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Technique Exploration - Closing the Back of a Hoop

Sep 29, 2020

When I first started embroidering, I was hand stitching on canvas - that is, a wooden frame over which I stretched a piece of fabric. I often left the canvas backs open and exposed because these pieces were sturdy and meant to hang on walls and/or be framed to hang on walls. But when I started stitching in hoops, I was much more comfortable closing (and protecting) the back of the fabric - especially since doing so makes it look more tidy to me. 

Personal preference, obviously.

I toyed with different ways of closing the back, and ultimately decided on trimming the excess fabric, cinching it closed with a piece of thread, and then covering the remaining hole with a circular piece of felt. It's how I've been closing my hoops for years and now that I'm set in my ways, I doubt I'll ever change. 

Human nature, obviously.

If you've ever purchased one of my patterns or kits, a portion of the instructions include my technique for closing my hoops. But if you're just starting with embroidery, or are looking for ways to close your hoop, I will briefly explain it here (illustrations included!)

Here's what you'll need (I've attached links to some of my favorites for some of these):

  • Your finished embroidery, still in the hoop
  • Embroidery floss, needle, straight pins, and scissors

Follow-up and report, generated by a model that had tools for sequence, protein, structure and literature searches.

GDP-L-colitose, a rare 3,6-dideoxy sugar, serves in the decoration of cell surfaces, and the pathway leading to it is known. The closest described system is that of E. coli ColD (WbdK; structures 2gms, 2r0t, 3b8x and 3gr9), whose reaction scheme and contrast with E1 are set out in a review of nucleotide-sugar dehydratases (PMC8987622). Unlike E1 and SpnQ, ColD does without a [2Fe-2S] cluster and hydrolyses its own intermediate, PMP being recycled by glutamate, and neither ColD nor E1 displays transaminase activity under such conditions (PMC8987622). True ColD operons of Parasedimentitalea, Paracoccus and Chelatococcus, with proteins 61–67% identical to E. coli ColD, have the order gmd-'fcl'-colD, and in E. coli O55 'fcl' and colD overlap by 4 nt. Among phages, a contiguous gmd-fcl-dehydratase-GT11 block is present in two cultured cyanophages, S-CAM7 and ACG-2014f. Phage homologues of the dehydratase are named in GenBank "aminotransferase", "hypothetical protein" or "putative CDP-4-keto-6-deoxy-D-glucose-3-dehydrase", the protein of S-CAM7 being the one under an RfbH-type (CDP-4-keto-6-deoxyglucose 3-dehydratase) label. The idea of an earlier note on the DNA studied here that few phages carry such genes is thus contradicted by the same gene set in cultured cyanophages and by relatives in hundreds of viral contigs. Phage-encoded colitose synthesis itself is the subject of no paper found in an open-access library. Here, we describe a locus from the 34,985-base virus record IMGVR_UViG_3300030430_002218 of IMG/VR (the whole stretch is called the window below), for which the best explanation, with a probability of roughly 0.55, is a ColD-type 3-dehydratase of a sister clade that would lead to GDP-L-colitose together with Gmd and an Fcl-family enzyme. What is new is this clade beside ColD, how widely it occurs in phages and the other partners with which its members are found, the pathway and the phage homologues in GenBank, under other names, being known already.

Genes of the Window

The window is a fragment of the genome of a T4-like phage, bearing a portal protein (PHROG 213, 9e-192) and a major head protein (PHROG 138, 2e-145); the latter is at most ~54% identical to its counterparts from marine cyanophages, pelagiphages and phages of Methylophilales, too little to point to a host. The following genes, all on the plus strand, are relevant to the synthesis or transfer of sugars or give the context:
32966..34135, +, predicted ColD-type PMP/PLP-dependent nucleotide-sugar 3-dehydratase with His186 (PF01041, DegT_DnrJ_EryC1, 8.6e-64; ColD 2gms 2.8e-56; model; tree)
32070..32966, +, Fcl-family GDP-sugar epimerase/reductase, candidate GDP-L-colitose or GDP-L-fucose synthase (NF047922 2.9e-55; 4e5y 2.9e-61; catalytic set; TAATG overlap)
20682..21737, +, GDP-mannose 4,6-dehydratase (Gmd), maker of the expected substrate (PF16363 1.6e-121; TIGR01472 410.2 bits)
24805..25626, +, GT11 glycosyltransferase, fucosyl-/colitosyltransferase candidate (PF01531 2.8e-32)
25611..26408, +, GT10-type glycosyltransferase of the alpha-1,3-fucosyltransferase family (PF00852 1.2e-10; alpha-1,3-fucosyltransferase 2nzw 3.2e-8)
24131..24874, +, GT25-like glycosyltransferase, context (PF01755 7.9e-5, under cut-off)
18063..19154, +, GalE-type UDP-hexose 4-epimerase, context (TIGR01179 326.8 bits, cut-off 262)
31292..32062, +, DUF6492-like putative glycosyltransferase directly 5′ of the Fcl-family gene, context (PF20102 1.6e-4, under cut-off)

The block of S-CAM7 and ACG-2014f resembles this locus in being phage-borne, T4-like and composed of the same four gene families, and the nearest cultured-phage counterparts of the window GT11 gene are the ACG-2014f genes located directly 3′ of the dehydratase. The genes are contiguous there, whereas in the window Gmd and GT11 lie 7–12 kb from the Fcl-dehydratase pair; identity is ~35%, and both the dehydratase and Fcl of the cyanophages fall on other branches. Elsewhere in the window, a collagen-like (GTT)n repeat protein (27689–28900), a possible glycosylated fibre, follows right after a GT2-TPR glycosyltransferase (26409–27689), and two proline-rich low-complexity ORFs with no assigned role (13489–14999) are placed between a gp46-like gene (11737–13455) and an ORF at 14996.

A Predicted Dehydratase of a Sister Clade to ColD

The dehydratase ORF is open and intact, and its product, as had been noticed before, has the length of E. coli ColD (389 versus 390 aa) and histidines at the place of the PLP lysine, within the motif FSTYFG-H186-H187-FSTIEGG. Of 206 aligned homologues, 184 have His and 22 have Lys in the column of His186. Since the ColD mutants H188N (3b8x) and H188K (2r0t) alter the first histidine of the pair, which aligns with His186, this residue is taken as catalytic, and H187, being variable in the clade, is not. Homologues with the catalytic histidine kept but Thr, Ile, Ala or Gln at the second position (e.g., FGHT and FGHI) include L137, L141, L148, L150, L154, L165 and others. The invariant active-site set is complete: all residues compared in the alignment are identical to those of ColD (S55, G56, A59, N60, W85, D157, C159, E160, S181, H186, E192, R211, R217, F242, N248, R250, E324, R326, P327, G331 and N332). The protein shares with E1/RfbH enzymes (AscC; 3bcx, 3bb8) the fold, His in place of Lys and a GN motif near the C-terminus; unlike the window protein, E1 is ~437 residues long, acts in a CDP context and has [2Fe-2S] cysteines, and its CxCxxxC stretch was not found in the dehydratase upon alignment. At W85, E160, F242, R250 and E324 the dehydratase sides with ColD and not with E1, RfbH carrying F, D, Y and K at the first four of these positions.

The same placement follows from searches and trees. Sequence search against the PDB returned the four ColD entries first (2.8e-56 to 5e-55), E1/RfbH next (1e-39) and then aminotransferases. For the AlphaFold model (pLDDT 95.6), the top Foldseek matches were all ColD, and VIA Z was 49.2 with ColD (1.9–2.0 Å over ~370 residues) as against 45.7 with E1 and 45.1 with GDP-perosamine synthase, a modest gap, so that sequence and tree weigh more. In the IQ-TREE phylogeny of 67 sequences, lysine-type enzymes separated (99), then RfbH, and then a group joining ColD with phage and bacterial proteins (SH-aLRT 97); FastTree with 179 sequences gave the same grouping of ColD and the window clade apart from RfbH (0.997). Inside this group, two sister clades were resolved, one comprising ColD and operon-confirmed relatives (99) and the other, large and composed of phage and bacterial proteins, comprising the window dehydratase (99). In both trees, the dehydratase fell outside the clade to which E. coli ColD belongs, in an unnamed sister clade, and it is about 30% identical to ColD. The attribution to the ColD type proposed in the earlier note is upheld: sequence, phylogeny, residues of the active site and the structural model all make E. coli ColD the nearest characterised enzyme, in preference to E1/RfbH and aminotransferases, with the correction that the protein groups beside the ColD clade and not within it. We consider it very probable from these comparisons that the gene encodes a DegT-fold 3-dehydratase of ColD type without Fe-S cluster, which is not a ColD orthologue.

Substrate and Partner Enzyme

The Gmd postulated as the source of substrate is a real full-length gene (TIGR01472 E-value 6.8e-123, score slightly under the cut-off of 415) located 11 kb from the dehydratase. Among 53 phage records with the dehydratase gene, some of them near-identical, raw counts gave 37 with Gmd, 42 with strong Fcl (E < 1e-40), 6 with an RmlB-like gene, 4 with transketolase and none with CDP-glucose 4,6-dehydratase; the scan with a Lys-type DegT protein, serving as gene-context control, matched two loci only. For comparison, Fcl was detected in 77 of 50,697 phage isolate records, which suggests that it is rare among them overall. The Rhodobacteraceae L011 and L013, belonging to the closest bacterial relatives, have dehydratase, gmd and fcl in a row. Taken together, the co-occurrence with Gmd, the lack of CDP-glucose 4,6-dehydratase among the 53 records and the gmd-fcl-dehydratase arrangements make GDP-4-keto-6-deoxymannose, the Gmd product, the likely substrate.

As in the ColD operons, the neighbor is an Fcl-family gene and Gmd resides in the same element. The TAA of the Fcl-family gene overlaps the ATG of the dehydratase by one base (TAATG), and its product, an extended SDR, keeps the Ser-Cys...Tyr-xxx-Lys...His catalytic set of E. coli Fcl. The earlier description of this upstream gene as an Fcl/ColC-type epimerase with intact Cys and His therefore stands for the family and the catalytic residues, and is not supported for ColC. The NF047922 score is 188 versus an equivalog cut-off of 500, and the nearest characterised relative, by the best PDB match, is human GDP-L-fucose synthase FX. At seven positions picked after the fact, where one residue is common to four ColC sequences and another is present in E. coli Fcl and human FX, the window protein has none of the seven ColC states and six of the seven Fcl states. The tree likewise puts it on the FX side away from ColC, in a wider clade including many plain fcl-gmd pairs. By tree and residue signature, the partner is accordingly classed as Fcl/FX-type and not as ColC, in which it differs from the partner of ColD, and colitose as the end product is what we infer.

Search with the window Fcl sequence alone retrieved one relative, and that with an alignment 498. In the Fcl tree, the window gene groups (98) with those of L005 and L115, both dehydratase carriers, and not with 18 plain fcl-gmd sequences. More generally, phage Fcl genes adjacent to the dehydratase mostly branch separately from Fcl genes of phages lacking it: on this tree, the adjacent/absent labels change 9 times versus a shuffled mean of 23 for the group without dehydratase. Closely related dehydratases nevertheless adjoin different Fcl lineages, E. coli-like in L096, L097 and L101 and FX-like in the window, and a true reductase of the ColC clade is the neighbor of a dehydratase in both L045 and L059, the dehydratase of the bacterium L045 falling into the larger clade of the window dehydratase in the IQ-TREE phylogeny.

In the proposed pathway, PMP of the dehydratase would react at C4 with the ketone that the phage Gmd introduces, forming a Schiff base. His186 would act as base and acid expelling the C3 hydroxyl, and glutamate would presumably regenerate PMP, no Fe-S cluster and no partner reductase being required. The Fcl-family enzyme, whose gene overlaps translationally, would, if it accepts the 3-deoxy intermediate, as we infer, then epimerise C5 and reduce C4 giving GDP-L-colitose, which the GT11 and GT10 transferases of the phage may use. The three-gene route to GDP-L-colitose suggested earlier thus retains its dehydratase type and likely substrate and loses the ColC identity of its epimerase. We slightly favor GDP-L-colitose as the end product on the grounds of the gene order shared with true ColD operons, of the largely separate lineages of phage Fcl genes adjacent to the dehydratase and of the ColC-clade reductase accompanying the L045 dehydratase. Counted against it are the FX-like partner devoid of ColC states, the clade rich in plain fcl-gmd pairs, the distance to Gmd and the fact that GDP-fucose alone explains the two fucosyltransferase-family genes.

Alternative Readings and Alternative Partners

• A piece of circular felt, cut just smaller than the size of your hoop

1. Flip to the back of your hoop and trim your fabric. Leave about a half to three-quarters of an inch of fabric all the way around. (See Figure A)


2. Cut a length of embroidery floss that is about three times the diameter of your hoop and thread it through your needle. Make a large knot at the end and leave yourself about two inches of thread (you will use this to tie off at the end). (See Figure B)

3. Begin a running stitch through the fabric, about a quarter of an inch from the cut edge. Work your way around the fabric until you get back to your starting point. (See Figure C)

4. Take the thread out of the needle and, holding both ends of the thread pull so that the fabric closes over the back of the hoop. Tie the thread together and make a secure knot. Trim the thread if necessary and tuck any excess inside of the hoop. (See Figure D)


5. For this method, you will need a piece of felt that is just slightly smaller than your hoop. You will be stitching this felt circle over the back of your hoop. Use straight pins to attach the felt circle to the back of your hoop and hold it in place while you stitch. (See Figure E)

6. Cut a length of embroidery floss that is about four times the diameter of your hoop and thread it through your needle. Make a knot at the end (you do not need to leave much thread after the knot as you will be tucking this in when you are finished). (See Figure F)


7. Choose a starting point (anywhere will do) and bring your needle up behind the felt (while going through the fabric first) and tuck in the end of the thread. (See Figure G) Repeat this, creating an angled-looking stitch all the way around the felt circle, spreading out the stitches so they are about a half inch apart. (See Figure H)


8. Once you have gone all of the way around the circle, put your needle back under and through the fabric (as you have done with the rest of the stitches) but do NOT come back through the felt. (See Figure J) You can then remove the thread from your needle and separate the strands so as to tie a secure knot. (See Figure K)


And you've done it! 

Thanks for checking out my very first Technique Exploration - and I hope you'll come back for the next one!